I hope he was well rewarded because his actions have provided the chemical industry with at least £300m a year that they would have otherwise lost. But there is also a cost to the public. Flame retardant treatment of sofas and mattresses is not cheap and the costs are passed on to the consumer. At a rough estimate, the UK public has had to stump up around £3bn for flame retardant treatment that should not have been necessary; and if the further elimination of FRs had gone ahead as planned, this figure is likely closer to £5bn. That's the cost of corruption by just one civil servant at exactly the right moment. Oh and by the way he sings in his church choir.
I haven't written a blog entry for some time. Unlike government departments, however, I am not going to blame the coronavirus for the delay. That's all government departments, by the way, not just the ones that are actually dealing with the virus. The government recently announced that there may be "understandable" delays in replying to Freedom of Information requests during the coronavirus lockdown. Well, one of my understandings is that most civil servants actually have more time on their hands during lockdown, simply because in working at home they are not spending most of their day in meetings.
My reason for not writing a blog entry for some time is that I've being doing a lot of work with some very good people that may bear fruit in terms of getting the government to finally do the right things where flame retardants in furniture is concerned, but it would be counter-productive to say too much at this stage.
To recap, however: this website focuses on the continuing scandal - one that actually gets worse as it goes on - of collusion between industry and corrupt and/or spineless civil servants with the result that everyone in the country is being posioned in their own homes by huge amounts of flame retardants that do not even work in preventing or slowing fires.
In fact, the more time you spend in your home - which the government currently insists upon - the more you will aborb flame retardants than normal, via your sofas, mattresses, cushions, etc. The damage this is doing to the nation's health dwarfs anything the virus can do. In my opinion.
Where flame retardants and fire safety is concerned, the entire operation is being controlled by big business and the puppet scientists and officials they bribe to sit on supposedly independent panels and committees that advise the government on policies. These experts are often based in universities that are also funded by business.
For example, the Fire Science unit at Imperial College receives funding from several big flame retardant producers. Surprise, surprise - the guys there are big fans of the UK's furniture fire safety regulations which lead to all those massive profits for the flame retardant industry. At the key time when the Department for Business had just proved the current regulations don't work and wanted to bring in new ones that would, while simultaneously hugely reducing toxic flame retardants in our furniture, Imperial got their guys on to the relevant panels and workshops. And they're still telling anyone who'll listen that the rest of the world should adopt furniture fire safety requirements just like the UK's. Even though they don't work.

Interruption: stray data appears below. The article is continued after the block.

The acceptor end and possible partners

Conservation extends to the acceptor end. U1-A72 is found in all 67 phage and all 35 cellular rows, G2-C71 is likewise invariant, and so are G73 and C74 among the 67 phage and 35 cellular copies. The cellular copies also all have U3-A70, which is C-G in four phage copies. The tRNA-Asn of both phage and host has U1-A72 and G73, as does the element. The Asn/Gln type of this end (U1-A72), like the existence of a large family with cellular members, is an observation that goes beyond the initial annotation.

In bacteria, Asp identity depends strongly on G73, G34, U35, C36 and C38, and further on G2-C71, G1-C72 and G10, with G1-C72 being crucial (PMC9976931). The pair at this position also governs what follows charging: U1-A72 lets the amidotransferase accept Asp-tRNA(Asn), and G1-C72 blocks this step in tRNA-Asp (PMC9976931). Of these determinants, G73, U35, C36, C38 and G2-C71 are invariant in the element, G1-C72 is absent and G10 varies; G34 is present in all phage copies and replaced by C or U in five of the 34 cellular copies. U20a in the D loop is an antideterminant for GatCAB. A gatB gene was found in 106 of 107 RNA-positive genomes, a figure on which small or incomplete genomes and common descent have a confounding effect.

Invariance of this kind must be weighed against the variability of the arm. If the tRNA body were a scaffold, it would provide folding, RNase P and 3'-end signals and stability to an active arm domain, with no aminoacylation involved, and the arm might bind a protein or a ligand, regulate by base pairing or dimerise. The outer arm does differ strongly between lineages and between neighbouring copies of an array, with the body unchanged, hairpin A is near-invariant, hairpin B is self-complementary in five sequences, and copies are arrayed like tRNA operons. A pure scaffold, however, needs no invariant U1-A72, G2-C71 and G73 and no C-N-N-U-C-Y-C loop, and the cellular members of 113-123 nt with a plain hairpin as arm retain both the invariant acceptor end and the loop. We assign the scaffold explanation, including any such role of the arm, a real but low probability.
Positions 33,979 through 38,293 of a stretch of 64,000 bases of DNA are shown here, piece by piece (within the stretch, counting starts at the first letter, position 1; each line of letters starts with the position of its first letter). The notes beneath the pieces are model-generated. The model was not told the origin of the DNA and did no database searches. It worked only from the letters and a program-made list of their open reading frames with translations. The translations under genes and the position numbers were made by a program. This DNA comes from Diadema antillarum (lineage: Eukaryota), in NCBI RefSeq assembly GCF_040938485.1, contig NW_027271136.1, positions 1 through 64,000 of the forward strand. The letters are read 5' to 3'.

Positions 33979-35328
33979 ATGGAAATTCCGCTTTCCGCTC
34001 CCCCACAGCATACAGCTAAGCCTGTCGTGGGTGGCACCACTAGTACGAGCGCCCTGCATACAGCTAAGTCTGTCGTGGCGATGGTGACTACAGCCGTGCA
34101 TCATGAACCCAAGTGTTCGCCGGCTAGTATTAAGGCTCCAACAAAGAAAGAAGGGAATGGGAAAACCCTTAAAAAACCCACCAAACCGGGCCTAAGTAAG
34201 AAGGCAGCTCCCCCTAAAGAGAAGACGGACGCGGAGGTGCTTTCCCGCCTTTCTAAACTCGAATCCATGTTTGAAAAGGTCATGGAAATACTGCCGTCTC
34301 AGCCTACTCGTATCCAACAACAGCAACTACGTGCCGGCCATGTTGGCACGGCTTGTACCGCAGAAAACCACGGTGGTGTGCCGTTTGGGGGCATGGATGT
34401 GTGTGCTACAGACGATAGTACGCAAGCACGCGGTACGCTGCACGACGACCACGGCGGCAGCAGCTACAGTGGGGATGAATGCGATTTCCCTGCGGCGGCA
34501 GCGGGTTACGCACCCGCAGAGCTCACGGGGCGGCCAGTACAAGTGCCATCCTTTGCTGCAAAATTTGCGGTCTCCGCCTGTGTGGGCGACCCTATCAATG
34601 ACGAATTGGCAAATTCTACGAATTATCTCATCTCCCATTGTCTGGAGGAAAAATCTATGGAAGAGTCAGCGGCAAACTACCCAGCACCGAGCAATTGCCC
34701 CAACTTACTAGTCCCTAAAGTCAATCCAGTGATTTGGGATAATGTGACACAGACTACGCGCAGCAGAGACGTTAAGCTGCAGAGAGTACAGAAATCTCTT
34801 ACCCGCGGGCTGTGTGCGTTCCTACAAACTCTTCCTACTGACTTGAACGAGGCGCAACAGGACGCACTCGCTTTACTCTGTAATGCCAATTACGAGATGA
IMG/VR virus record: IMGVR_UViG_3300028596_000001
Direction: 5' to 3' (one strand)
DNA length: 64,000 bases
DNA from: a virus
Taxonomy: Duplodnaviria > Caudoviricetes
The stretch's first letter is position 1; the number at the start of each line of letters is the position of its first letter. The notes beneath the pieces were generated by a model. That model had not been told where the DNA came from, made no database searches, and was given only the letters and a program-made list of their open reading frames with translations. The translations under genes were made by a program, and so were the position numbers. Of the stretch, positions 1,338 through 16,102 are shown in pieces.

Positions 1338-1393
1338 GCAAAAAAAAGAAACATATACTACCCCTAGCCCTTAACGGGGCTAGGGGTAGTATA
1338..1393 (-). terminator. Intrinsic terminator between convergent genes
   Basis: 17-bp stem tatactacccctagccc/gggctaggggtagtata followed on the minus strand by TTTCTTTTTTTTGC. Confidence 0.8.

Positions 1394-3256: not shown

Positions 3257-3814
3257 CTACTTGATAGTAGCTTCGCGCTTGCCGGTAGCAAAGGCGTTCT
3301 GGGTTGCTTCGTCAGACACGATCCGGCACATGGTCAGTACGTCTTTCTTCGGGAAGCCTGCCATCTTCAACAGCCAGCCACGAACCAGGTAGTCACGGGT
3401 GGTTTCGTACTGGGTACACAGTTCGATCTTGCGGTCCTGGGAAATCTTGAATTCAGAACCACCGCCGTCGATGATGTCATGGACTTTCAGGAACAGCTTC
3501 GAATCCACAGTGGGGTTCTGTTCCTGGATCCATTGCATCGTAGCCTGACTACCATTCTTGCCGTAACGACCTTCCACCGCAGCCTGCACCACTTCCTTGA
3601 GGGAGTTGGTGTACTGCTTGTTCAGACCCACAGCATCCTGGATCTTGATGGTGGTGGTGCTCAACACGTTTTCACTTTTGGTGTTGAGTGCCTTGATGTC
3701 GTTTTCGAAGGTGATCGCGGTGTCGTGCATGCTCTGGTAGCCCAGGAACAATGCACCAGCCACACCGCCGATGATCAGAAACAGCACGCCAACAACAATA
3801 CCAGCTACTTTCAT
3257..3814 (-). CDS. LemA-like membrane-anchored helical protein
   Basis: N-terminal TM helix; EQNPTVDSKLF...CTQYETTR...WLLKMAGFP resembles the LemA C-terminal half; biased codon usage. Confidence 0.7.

If you care to do some internet research, you'll discover the many links between Imperial College and the massive PR company Burson Marsteller. BM represents the three big flame retardant producers and spends a fortune on promoting their products as wonderful life-savers in times of fire, while covering up any evidence that in fact they are incredibly toxic.
You might be interested to learn that BM also represents huge health care companies, including the kind that make vaccines and ventilators. Imperial, of course, are providing the computer modelled figures on coronavirus cases, deaths, etc, that our government is basing its virus policies on. But I'm sure the fact that a lot of money is going to made by these companies off the back of a pandemic is entirely coincidental.
Now lets go back a few days to the Second Reading of the new Fire Safety Bill, and the opening comments of James Brokenshire, Minister of State, Home Department.
"Almost three years have passed since the tragic events on the night of 14 June 2017. It was the greatest loss of life following a residential fire since the second world war. None of us will ever forget the events of that terrible night, and the Government are resolute in their commitment to ensure that they are never repeated. Those 72 people should never have lost their lives. Our thoughts today are very much with the victims’ families, survivors and fellow residents, who have had to rebuild their lives over the past three years.